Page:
Bridgewater v. Americold Logistics, LLC, No. 1:2021cv01348 - Document 13 (C.D. Ill. 2022)

Court Description: ORDER AND OPINION entered by Judge Michael M. Mihm on 5/6/2022. For the reasons stated, Defendant's Motion to Remand 7 is DENIED. Plaintiff failed to timely respond to Defendant's Motion to Dismiss, and instead, on the date his response w as due, he filed a motion to stay or in the alternative, extend his deadline to respond. ECF No. 8. Plaintiff's Motion to Stay Briefing 8 is GRANTED in part and DENIED in part and Plaintiff is ORDERED to respond to Defendant's Motion to Dismiss on or before May 16, 2022. See full written Order. (VH)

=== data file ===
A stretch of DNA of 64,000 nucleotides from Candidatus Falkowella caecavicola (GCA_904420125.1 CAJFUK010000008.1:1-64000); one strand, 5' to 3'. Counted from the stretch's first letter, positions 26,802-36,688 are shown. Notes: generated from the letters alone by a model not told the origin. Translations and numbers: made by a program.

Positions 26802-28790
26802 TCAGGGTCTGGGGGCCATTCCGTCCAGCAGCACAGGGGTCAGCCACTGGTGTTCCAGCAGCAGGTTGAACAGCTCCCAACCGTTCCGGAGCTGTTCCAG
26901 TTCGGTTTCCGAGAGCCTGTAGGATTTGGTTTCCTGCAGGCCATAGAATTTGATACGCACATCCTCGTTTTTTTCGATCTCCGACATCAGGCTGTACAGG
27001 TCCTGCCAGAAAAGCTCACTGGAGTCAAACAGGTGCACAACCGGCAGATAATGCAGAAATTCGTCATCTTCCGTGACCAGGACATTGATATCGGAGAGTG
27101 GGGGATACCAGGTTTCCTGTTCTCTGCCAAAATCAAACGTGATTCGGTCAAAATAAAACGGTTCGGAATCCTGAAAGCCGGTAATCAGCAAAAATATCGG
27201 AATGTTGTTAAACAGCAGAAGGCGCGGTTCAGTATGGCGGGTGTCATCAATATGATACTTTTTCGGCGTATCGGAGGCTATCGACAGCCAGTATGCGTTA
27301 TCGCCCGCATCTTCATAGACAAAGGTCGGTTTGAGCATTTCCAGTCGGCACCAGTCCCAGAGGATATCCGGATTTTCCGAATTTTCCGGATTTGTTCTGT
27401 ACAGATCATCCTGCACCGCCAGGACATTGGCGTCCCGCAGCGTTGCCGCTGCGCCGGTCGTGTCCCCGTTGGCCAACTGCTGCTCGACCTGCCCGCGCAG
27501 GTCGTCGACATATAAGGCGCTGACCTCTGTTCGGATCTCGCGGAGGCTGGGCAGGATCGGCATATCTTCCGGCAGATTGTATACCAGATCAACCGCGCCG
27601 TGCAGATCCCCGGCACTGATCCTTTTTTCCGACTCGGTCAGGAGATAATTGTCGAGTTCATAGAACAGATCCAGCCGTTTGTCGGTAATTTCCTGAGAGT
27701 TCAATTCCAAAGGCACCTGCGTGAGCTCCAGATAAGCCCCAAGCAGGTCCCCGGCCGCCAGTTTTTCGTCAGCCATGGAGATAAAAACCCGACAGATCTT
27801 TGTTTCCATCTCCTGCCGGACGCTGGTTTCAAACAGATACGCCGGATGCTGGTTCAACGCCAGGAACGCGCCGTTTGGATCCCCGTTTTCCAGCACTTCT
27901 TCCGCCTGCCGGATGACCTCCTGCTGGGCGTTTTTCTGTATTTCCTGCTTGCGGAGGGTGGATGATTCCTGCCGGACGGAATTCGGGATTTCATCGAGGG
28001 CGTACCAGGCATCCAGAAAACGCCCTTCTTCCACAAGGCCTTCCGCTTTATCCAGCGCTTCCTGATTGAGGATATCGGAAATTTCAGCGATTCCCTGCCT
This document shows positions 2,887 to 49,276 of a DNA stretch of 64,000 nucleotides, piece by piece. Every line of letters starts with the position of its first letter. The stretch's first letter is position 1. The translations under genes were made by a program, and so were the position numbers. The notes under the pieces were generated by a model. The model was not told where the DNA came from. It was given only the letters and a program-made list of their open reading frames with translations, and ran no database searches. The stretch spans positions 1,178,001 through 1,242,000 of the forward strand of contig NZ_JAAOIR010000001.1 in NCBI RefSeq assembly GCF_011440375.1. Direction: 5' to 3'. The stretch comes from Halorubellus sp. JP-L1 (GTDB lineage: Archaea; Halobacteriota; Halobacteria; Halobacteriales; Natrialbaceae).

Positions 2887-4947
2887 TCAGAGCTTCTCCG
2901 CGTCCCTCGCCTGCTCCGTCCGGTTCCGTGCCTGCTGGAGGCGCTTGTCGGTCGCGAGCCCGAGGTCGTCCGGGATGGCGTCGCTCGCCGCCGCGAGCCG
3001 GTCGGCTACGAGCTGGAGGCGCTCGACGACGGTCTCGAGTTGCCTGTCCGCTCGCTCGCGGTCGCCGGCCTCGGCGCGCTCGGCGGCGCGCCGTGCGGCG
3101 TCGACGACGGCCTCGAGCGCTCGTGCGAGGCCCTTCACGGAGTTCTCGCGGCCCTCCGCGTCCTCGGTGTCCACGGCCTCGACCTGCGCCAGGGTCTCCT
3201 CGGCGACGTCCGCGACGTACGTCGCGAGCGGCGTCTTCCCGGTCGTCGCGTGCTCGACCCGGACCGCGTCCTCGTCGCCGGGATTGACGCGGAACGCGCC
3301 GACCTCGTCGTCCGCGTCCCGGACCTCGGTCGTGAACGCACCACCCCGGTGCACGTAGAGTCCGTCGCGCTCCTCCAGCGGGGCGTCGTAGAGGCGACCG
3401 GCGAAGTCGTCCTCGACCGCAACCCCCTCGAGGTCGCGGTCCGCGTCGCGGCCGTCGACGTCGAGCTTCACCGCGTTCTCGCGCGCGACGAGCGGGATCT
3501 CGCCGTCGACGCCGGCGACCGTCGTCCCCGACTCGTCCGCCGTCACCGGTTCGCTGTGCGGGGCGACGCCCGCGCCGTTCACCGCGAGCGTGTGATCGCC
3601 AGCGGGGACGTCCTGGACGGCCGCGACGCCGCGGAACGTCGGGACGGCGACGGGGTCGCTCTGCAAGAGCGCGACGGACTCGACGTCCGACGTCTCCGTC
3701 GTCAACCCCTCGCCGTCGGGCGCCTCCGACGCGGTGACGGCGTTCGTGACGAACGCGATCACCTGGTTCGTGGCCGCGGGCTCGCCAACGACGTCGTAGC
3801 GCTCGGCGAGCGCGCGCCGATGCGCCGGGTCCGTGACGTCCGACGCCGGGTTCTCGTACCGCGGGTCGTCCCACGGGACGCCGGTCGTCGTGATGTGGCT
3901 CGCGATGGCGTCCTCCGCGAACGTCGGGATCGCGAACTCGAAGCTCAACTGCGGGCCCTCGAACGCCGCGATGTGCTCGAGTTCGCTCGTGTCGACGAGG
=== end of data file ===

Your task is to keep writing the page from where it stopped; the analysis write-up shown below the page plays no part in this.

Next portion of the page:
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Bridgewater v. Americold Logistics, LLC Doc. 13 E-FILED Friday, 06 May, 2022 02:27:29 PM Clerk, U.S. District Court, ILCD IN THE UNITED STATES DISTRICT COURT CENTRAL DISTRICT OF ILLINOIS PEORIA DIVISION RICHARD BRIDGEWATER, individually, and on behalf of all similarly situated individuals, Plaintiff, v. AMERICOLD LOGISTICS, LLC, a Delaware limited liability company, Defendant. ) ) ) ) ) ) ) ) ) ) ) ) Case No. 21-1348 ORDER AND OPINION Pending before the Court is Plaintiff Richard Bridgewater’s Motion to Remand to State Court (ECF No. 7). Defendant Americold Logistics, LLC responded, and this motion is ripe for review. For the reasons stated below, Plaintiff’s Motion is denied. BACKGROUND Plaintiff Bridgewater initially filed this putative class action in Illinois state court. Plaintiff claims that due to lax cybersecurity procedures, hackers were able to obtain access to his and other employees’ personal identifying information. Plaintiff brings various claims under Illinois state law due to the breach. Defendant removed the case to federal court under the Class Action Fairness Act of 2005 (“CAFA”). 28 U.S.C. § 1332 (d). Shortly after removing the case, Defendant filed a motion to dismiss for failure to state a claim. In support of that motion, Defendant claims that Plaintiff only asserted damages that are a “speculative risk of future injury and time and effort spent to guard against that hypothetical risk, which are insufficient to support a claim under Illinois law.” ECF No. 6 at 2. 1 Dockets.Justia.com In response, Plaintiff moved to remand this case, claiming that Defendant failed to establish that Plaintiff has Article III standing under the Constitution. Plaintiff cites Defendant’s argument regarding Plaintiff’s lack of cognizable damages under Illinois law as support for this argument. Plaintiff does not deny that the case meets the other requirements of CAFA. Plaintiff also does not directly assert that he lacks Article III standing but claims that Defendant failed to establish standing. Accordingly, Plaintiff argues that this Court must remand the case to state court because it lacks subject matter jurisdiction. See 28 U.S.C. § 1447(c) (“If at any time before final judgment it appears that the district court lacks subject matter jurisdiction, the case shall be remanded”) Barnes v. ARYZTA, LLC, 288 F. Supp. 3d 834, 838 n.2 (N.D. Ill. 2017) (stating that defendant failed to persuade the court that Article III standing existed and remanding the case to state court). The Court will address Plaintiff’s various arguments below. LEGAL STANDARD Federal courts are courts of limited jurisdiction. If a plaintiff files a case in state court even though the federal courts also have jurisdiction, the defendant may remove the case to federal court. Lincoln Prop. Co. v. Roche, 546 U.S. 81, 89 (2005). Section 1441(a) provides: Except as otherwise expressly provided by Act of Congress, any civil action brought in a State court of which the district courts of the United States have original jurisdiction, may be removed by the defendant or the defendants, to the district court of the United States for the district and division embracing the place where such action is pending. 28 U.S.C. § 1441 (a). In relevant part, CAFA grants district courts original jurisdiction when “the matter in controversy exceeds the sum or value of $5,000,000, exclusive of interest and costs,” the class has more than 100 members, and at least one member of the proposed class is a citizen of a State different from the defendant. 28 U.S.C. § 1332(d); see also Hart v. FedEx Ground Package Sys. Inc., 457 F.3d 675, 679 (7th Cir. 2006). Under the “home state controversy” exception, district 2 courts must decline to exercise jurisdiction when certain local factors are present. Hart, 457 F.3d at 679. One example of a home state controversy is when more than two-thirds of the proposed plaintiff class members are citizens of the original filing state. Id. Once removing defendants prove the amount in controversy and the existence of minimal jurisdiction, the burden shifts to plaintiffs to prove that the local controversy exception should apply. Id. Generally, however, the party invoking jurisdiction bears the burden of establishing all elements of federal subject matter at the time of removal. Lujan v. Defenders of Wildlife, 504 U.S. 555, 561 (1992); Collier v. SP Plus Corp., 889 F.3d 894, 896 (7th Cir. 2018) (“[T]o establish federal subject-matter jurisdiction, [a removing defendant] must also show that [the plaintiffs] have Article III standing”). In other words, “the party that wants the federal forum is the one that has the burden of establishing the court’s authority to hear the case,” such that a removing defendant “must show that [the plaintiff] has Article III standing.” Thornley v. Clearview AI, Inc., 984 F.3d 1241, 1244 (7th Cir. 2021). DISCUSSION Plaintiff argues that this case must be remanded because Defendant claims in its Motion to Dismiss that Plaintiff did not allege cognizable damages under the relevant state laws, which Plaintiff interprets to mean that Defendant is arguing that Plaintiff lacks Article III standing. Plaintiff does not argue that Defendant failed to meet the other requirements for CAFA removal. Indeed, Defendant observes that Plaintiff alleges the attack impacted as many as 140,000 people which would mean each class member would only need $35.71 in damages to meet the fivemillion-dollar jurisdictional minimum. ECF No. 1 at 5. Accordingly, Plaintiff’s only argument focuses on Defendant’s alleged failure to plead that Plaintiff has Article III standing. 3 Defendant argues that Plaintiff sufficiently alleged Article III standing in his Complaint under Seventh Circuit precedent. Defendant also argues that it did not have to specifically plead Article III standing in its Notice of Removal. As explained below, the Court agrees with Defendant that Article III standing is often a lower threshold than proving damages as an element of a claim and that Plaintiff meets the minimum requirements for Article III standing. A. Plaintiff sufficiently pleads an injury-in-fact to establish Article III standing. “To establish injury in fact, a plaintiff must show that he or she suffered an invasion of a legally protected interest that is concrete and particularized and actual or imminent, not conjectural or hypothetical.” Spokeo, Inc. v. Robins, 578 U.S. 330, 339 (2016) (quoting Lujan v. Defenders of Wildlife, 504 U.S. 555, 560, (1992) (internal quotation marks omitted)). “Allegations of possible future injury are not sufficient.” Clapper v. Amnesty Int’l USA, 568 U.S. 398, 409 (2013) (emphasis in original; internal quotations omitted). An injury must be “certainly impending” to constitute an injury in fact. Id. The Seventh Circuit standing has found standing in similar data breach cases. For example, in Remijas v. Neiman Marcus Group, LLC, 794 F.3d 688 (7th Cir. 2015), and Lewert v. P.F. Chang's China Bistro, Inc., 819 F.3d 963 (7th Cir. 2016), hackers stole customer credit-card data from the defendant business. The Seventh Circuit found that even customers who did not experience fraudulent charges still faced the impending risk of future identity theft. Remijas, 794 F.3d at 693; Lewert, 819 at 966. The Seventh Circuit explained that “plaintiffs ‘should not have to wait until hackers commit identity theft or credit-card fraud in order to give the class standing, because there is an objectively reasonable likelihood that such injury will occur.’” Lewert, 819 F.3d at 966 (quoting Remijas, 794 F.3d at 693). Accordingly, the courts found that the plaintiffs had standing even if they had not suffered fraudulent or unreimbursed charges. 4 The Seventh Circuit has also confirmed that damages as an element of a claim is distinct from the need to demonstrate an injury-in-fact for Article III standing. In Pisciotta v. Old Nat. Bancorp, the Seventh Circuit agreed that the plaintiffs sufficiently pleaded Article III standing but also concluded that the plaintiffs failed to establish a cognizable injury under state negligence law. Pisciotta v. Old Nat. Bancorp, 499 F.3d 629, 635 (7th Cir. 2007). Accordingly, it is not inconsistent for Defendant to argue that Plaintiff pleaded an injury-in-fact sufficient to establish Article III standing but failed to plead damages sufficient to support a state law claim. Plaintiff has alleged several injuries, including that he has taken time and effort to mitigate the risk of identity fraud and that he has monitored his accounts to guard against fraudulent attempts to open accounts. He also claims that he will be subject to ongoing targeted spam, phishing attempts, and that he is at increased risk for identity theft and fraud. Even an “identifiable trifle” can constitute an injury in fact, and Plaintiff’s claims meet this low burden. See Craftwood II, Inc. v. Generac Power Sys., Inc., 920 F.3d 479, 481 (7th Cir. 2019) (holding that the resources used to print an unsolicited advertisement fax and the time lost reading the fax before discarding constitutes a concrete injury) (quoting United States v. SCRAP, 412 U.S. 669, 689 n.14 (1973)). Accordingly, the Court agrees that the record before it establishes that Plaintiff sufficiently pleaded an injury-in-fact to support Article III standing. B. Defendant’s Notice of Removal was adequate to establish federal jurisdiction. The Court is persuaded that Plaintiff sufficiently alleges that he suffered a concrete injury to establish Article III standing. Plaintiff, however, appears to argue that Defendant was required to explain that Plaintiff had Article III standing in its Notice of Removal and that remand to state court is the remedy for this purported failure. 5 Defendant’s removal does outline the basis for Plaintiff’s damages, explaining that Plaintiff seeks compensatory and punitive damages related to the time and effort to monitor for risk of identity theft and the increased threat of identity theft and fraud. ECF No. 1 at 6. Defendant also attaches Plaintiff’s Complaint, where Plaintiff outlines the basis for his alleged damages. Accordingly, while Defendant did not specifically discuss Article III standing, the Notice and attached exhibits contain enough information for the Court to assess whether Plaintiff has standing. While the burden may lie with Defendant to establish the basis of federal jurisdiction, that does not necessarily require that a defendant mention Article III standing by name. Instead, the Supreme Court has explained “[t]o remove a case from a state court to a federal court, a defendant must file in the federal forum a notice of removal ‘containing a short and plain statement of the grounds for removal.’” Dart Cherokee Basin Operating Co. v. Owens, 574 U.S. 81, 83 (2014) (quoting 28 U. S. C. §1446(a)). In that case, the Supreme Court appeared satisfied that the notice of removal alleged that the class had more than 100 members, the parties were minimally diverse, and the amount in controversy exceeded $5 million. Id. The Seventh Circuit also stated that once the removing defendants prove the amount in controversy and the existence of minimal diversity, the burden shifts to plaintiffs to prove that the local controversy exception to federal jurisdiction applies. Hart, 457 F.3d at 679. Accordingly, this also suggests that a defendant does not necessarily need to mention Article III standing by name. Standing is not reasonably in dispute and Defendant’s alleged failure to mention the doctrine by name does not undermine the fact that Defendant’s Notice and the accompanying filings establish standing. C. Defendant’s arguments in the case filed in the Eleventh Circuit do not bar it from asserting there is standing here. Plaintiff also points to Defendant’s argument in a related case pending in the Eleventh Circuit involving Defendant’s parent company where the same counsel moved to dismiss the 6 claims related to this same data breach for lack of Article III standing. Defendant responds that different circuits take different approaches to Article III standing in the data breach context. See Tsao v. Captiva MVP Restaurant Partners, LLC, 986 F.3d 1332, 1340 (11th Cir. 2021) (recognizing that the issue of whether a plaintiff has Article III standing because he faces a substantial risk of identity theft, fraud, and other harm in the future due to a data breach is a question that has divided the Courts of Appeals). Accordingly, Defendant argues that the Eleventh Circuit precedent on the issue of standing conflicts with Seventh Circuit precedent, making the divergent arguments in different circuits appropriate. Since briefing, the Eleventh Circuit granted Defendant’s Motion to Dismiss, finding that the plaintiff did have standing to bring the suit, but that the plaintiff otherwise failed to state a claim. ECF No. 12. Plaintiff does not cite a particular legal doctrine that would prevent Defendant from making contradictory arguments. The most relevant doctrine appears to be judicial estoppel, which is an equitable doctrine that prevents a party who prevails on one ground from later repudiating that ground in another lawsuit. U.S. v. Christian, 342 F.3d 744, 747 (7th Cir. 2003). The purpose of the doctrine is to “protect the integrity of the judicial process” and is invoked by a court at its discretion. New Hampshire v. Maine, 532 U.S. 742, 749 (2001) (internal citations and quotations omitted). There is no set formula, but courts generally consider, whether (1) the later position is clearly inconsistent with the earlier position; (2) whether the party succeeded in persuading a court to accept its position; and (3) whether the party seeking to assert an inconsistent position would derive an unfair advantage. Id; see also Jarrard v. CDI Telecomm., Inc., 408 F.3d 905, 915 (7th Cir. 2005). Here, Defendant did not succeed in persuading another court to accept its position that Plaintiff lacked standing, and the Court is persuaded that Defendant had reason to believe that the standards in the Seventh Circuit and Eleventh Circuit may differ. It would not be appropriate to 7 apply this doctrine here and Plaintiff does not suggest that there is another doctrine that would prevent the Court from considering Defendant’s argument on the issue of standing. CONCLUSION For the reasons stated above, Defendant’s Motion to Remand [7] is DENIED. Plaintiff failed to timely respond to Defendant’s Motion to Dismiss, and instead, on the date his response was due, he filed a motion to stay or in the alternative, extend his deadline to respond. ECF No. 8. Plaintiff’s Motion to Stay Briefing [8] is GRANTED in part and DENIED in part and Plaintiff is ORDERED to respond to Defendant’s Motion to Dismiss on or before May 16, 2022. ENTERED this 6th day of May, 2022. /s/ Michael M. Mihm Michael M. Mihm United States District Judge 8